We have been hard at work (I know I’m repeating myself) but all of our work is starting to come together and the results are pretty cool. We have the system essentially working completely as planned. The doctors have also been working hard to get props (and a real cardiac rehab patient) lined up for our promo video. To get into a bit of tech detail, I’ll describe the application step-by-step in case you’re interested:
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Monday was a long day that saw a lot of things accomplished and today is shaping up the same way. We’ve gotten a lot done and are really getting into the detail work at this point.
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The weekend isn’t over yet and we’re still doing some coding, but I thought I’d take a minute out to update our status. All of the major components are working with baseline functionality, with the remaining work involving the extension of some APIs to store the data we’d like to record, fine-tuning the system, mapping in the algorithms to process both the motion data from Kinect and the bluetooth pulse oximeter, and displaying the results on-screen in Unity. Our bluetooth expert has gotten far enough along that he is looking into some features that weren’t on our initial schedule. Additionally, the doctors in our group have been working on the script for our video demonstration/promotion, which we’ll start filming tomorrow.
I feel like my updates all sound kind of the same, but we’ve made a ton of progress so far so I thought it would be useful to see a list of how much has been done:
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A creation of the High Low Tech group, who focus on applying technology to everyday items. Like paper. The ink acts as a conductor, forming a circuit (and making the piece of paper a very low-tech circuit board)
GlowCaps. These were created by the Tangible Media department to make it easier to take the right amount of the right medication at the right time. Vitality is the company that was started to sell GlowCaps, and its CEO is David Rose, who is a participant at HW2012.
Chocolate (stale). These are the result of an app called “Eat Your Face”. They do a high resolution facial scan, then make a 3D print of the face using a chocolate printer.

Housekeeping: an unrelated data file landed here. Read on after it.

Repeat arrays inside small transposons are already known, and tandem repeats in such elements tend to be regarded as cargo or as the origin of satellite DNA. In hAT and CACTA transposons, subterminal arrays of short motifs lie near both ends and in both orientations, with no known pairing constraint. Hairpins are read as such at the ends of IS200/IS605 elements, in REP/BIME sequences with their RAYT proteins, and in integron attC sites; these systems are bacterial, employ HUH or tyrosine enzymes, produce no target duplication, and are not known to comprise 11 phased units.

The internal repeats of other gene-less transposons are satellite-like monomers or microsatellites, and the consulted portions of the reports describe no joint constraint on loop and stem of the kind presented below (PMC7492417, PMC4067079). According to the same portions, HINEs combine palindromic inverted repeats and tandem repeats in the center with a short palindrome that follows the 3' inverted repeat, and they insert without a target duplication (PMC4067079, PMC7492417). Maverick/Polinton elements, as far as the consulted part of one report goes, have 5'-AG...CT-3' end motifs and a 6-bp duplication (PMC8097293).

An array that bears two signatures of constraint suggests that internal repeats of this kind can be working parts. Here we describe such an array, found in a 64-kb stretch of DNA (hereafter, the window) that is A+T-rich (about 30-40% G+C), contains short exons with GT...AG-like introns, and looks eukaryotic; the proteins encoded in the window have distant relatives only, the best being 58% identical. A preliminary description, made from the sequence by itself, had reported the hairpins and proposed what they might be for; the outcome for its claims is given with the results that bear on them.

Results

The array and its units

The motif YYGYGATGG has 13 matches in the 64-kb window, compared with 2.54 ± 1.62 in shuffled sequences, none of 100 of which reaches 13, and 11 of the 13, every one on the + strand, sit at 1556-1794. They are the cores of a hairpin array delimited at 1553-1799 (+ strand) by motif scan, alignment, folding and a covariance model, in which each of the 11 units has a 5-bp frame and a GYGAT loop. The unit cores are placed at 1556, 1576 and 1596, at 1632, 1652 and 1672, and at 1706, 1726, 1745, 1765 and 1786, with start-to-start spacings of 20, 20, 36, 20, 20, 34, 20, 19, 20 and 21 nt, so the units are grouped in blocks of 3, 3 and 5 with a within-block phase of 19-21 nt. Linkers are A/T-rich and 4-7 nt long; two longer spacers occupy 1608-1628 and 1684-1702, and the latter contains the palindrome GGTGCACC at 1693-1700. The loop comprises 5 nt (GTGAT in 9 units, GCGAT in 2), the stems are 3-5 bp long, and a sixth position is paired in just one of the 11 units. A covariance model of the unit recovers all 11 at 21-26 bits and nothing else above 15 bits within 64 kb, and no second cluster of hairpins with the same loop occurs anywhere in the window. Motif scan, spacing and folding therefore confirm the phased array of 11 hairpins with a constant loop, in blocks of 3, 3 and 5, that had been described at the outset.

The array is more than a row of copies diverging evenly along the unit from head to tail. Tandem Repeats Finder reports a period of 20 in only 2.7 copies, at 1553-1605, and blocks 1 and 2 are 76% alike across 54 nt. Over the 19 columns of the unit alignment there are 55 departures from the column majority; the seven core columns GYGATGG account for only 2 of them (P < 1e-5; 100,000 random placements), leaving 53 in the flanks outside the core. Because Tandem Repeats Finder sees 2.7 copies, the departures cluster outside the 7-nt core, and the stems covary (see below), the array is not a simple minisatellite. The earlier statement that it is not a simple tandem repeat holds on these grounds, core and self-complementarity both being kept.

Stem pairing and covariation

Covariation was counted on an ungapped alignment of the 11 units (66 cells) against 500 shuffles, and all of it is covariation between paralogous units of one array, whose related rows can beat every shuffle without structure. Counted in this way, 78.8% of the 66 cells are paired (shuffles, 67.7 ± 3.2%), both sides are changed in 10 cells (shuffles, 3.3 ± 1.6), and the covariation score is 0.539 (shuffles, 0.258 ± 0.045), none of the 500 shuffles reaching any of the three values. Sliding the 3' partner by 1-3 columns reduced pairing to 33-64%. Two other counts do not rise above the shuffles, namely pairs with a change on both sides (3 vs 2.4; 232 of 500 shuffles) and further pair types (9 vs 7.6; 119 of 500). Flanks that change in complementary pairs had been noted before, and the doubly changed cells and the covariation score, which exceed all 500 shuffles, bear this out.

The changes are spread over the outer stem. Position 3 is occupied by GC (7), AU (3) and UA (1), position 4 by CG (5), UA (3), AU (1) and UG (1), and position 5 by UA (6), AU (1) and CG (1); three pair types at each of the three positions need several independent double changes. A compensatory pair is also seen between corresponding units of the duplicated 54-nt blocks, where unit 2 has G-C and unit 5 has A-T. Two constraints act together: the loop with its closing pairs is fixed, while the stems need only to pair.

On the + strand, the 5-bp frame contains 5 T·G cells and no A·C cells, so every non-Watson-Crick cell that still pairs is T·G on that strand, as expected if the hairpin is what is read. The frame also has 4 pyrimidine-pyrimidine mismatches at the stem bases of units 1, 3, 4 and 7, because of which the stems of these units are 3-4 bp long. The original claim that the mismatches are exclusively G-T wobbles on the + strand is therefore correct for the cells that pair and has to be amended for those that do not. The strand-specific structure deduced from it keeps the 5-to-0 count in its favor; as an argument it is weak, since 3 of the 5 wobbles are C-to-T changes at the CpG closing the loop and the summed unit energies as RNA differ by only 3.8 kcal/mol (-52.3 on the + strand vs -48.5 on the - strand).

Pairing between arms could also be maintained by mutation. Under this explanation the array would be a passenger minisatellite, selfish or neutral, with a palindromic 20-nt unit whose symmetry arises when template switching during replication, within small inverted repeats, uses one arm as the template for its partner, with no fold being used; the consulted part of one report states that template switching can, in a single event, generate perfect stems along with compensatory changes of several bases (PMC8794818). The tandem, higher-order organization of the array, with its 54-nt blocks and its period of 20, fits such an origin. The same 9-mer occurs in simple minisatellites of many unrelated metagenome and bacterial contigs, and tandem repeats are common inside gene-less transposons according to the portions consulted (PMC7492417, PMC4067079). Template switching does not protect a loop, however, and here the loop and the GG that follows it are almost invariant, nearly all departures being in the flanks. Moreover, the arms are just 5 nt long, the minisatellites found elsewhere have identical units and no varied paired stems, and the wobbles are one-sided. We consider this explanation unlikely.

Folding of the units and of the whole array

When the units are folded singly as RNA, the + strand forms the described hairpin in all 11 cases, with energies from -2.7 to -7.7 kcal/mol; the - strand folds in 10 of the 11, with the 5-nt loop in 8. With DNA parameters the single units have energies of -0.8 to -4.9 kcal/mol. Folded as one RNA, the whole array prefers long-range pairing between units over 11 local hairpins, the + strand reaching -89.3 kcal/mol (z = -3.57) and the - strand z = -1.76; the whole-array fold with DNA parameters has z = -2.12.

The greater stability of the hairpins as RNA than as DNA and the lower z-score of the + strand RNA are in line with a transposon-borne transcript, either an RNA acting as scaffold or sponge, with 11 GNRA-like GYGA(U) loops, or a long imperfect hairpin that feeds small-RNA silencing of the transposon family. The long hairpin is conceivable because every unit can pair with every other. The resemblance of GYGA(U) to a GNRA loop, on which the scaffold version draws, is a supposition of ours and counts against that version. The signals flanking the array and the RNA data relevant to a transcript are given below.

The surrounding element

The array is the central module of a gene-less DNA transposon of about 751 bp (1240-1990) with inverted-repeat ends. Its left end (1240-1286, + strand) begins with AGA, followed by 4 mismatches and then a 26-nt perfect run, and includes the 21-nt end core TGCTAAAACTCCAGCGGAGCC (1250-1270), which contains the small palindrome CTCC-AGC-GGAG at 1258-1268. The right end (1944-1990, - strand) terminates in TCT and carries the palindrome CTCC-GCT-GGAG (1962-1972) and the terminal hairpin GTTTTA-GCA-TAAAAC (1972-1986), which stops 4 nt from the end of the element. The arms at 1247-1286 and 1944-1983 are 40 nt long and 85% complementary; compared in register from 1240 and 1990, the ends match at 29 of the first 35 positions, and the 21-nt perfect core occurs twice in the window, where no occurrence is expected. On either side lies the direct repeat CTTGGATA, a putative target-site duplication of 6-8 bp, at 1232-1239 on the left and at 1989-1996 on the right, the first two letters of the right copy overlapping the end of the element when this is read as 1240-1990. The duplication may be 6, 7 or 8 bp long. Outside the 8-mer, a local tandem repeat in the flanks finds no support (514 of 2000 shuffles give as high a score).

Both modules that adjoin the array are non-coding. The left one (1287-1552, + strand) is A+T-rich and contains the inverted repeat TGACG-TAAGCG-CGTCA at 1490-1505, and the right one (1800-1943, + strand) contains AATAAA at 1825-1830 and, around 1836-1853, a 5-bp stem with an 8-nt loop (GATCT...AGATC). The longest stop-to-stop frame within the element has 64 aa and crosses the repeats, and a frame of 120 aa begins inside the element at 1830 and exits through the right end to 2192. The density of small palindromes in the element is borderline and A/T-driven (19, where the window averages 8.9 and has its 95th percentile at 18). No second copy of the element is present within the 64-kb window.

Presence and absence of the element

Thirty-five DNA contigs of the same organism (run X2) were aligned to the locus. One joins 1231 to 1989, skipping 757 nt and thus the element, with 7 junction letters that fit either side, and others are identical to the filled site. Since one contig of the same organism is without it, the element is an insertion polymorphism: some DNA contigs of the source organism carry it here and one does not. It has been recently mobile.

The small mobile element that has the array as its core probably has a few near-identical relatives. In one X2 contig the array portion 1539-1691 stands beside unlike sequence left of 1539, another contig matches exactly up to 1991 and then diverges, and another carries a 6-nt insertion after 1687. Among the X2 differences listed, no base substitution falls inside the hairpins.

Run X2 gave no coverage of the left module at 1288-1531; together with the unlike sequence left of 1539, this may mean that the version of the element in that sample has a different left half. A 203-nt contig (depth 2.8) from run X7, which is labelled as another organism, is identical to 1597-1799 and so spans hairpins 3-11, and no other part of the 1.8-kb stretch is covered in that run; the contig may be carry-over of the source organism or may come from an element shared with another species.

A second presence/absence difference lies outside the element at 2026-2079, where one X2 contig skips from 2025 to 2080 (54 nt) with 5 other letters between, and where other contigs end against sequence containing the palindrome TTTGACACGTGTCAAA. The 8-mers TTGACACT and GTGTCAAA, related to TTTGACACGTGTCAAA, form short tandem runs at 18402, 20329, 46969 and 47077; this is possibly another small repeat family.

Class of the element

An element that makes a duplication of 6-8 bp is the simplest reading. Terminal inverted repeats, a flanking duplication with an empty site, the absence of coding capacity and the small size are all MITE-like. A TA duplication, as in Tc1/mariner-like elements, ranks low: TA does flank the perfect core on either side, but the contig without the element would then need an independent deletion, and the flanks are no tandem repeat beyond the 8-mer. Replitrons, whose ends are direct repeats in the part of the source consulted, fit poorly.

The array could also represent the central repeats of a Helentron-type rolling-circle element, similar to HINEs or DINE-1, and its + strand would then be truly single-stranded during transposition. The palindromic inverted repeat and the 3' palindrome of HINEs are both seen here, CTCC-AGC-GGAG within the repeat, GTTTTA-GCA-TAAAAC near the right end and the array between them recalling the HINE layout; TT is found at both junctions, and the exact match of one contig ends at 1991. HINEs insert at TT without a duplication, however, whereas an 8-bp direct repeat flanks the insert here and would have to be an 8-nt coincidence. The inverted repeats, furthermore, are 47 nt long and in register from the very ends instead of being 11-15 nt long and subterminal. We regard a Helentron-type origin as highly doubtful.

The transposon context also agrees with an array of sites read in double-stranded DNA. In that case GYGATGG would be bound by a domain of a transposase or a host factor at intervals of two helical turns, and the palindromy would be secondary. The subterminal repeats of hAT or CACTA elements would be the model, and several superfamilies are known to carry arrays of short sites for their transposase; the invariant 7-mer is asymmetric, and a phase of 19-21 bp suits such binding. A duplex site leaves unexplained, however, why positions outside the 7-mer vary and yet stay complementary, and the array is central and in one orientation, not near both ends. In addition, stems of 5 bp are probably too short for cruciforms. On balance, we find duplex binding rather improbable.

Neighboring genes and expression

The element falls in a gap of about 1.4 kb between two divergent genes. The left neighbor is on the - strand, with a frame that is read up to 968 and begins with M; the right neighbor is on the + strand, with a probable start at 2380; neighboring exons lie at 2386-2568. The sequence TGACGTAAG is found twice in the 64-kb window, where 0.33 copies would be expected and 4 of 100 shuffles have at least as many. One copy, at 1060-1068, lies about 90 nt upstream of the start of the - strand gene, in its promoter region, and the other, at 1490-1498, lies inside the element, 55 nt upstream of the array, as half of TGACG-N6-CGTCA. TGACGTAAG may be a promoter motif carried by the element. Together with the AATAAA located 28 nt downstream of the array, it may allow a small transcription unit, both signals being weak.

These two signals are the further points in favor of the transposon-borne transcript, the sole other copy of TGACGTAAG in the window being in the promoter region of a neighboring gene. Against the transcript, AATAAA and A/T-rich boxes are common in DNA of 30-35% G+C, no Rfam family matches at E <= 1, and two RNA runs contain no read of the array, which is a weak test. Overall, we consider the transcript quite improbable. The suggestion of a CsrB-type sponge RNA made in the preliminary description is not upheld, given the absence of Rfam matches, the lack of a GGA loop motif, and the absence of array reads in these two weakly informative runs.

The Media Lab machine shop. They have a bunch of cool machines in their lab. A water jet cutter, a bunch of laser cutters, 3D printers, etc. When they need something for a project and it doesn’t exist, they figure out how to make it themselves.
There’s not too much to report from day 3. Not that we didn’t make progress, but it was more iterative over what was done yesterday.
The doctors rejoined us and tracked down a lot of good documentation for us. We’ll use that to do the medical analysis so we can provide real-time feedback to the rehab patients through the Unity interface. The dev team stayed on track, with all the pieces progressing as expected.
We also got a guided tour of the lab in the morning, so I’ll post some pictures a little bit later.
I posted some pictures of the New Media Lab below so you can get a sense of how things are set up here. Open space, windows, and whiteboards everywhere.
As for the project today we got into the actual work. The doctors on our team were busy being doctors, so it was mainly our group of 5 devs modeling out our system, figuring out our resources, and taking on tasks. We got our custom character model in Unity mapped to input from the Kinect, so that was a great start. We also have the bluetooth pulse oximeter streaming data, and we got documentation and a walkthrough of the personal health record software we will be talking to. All in all, it was a very productive day and we got most of our goals accomplished.
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The offices of the event’s hosts, the New Media Medicine lab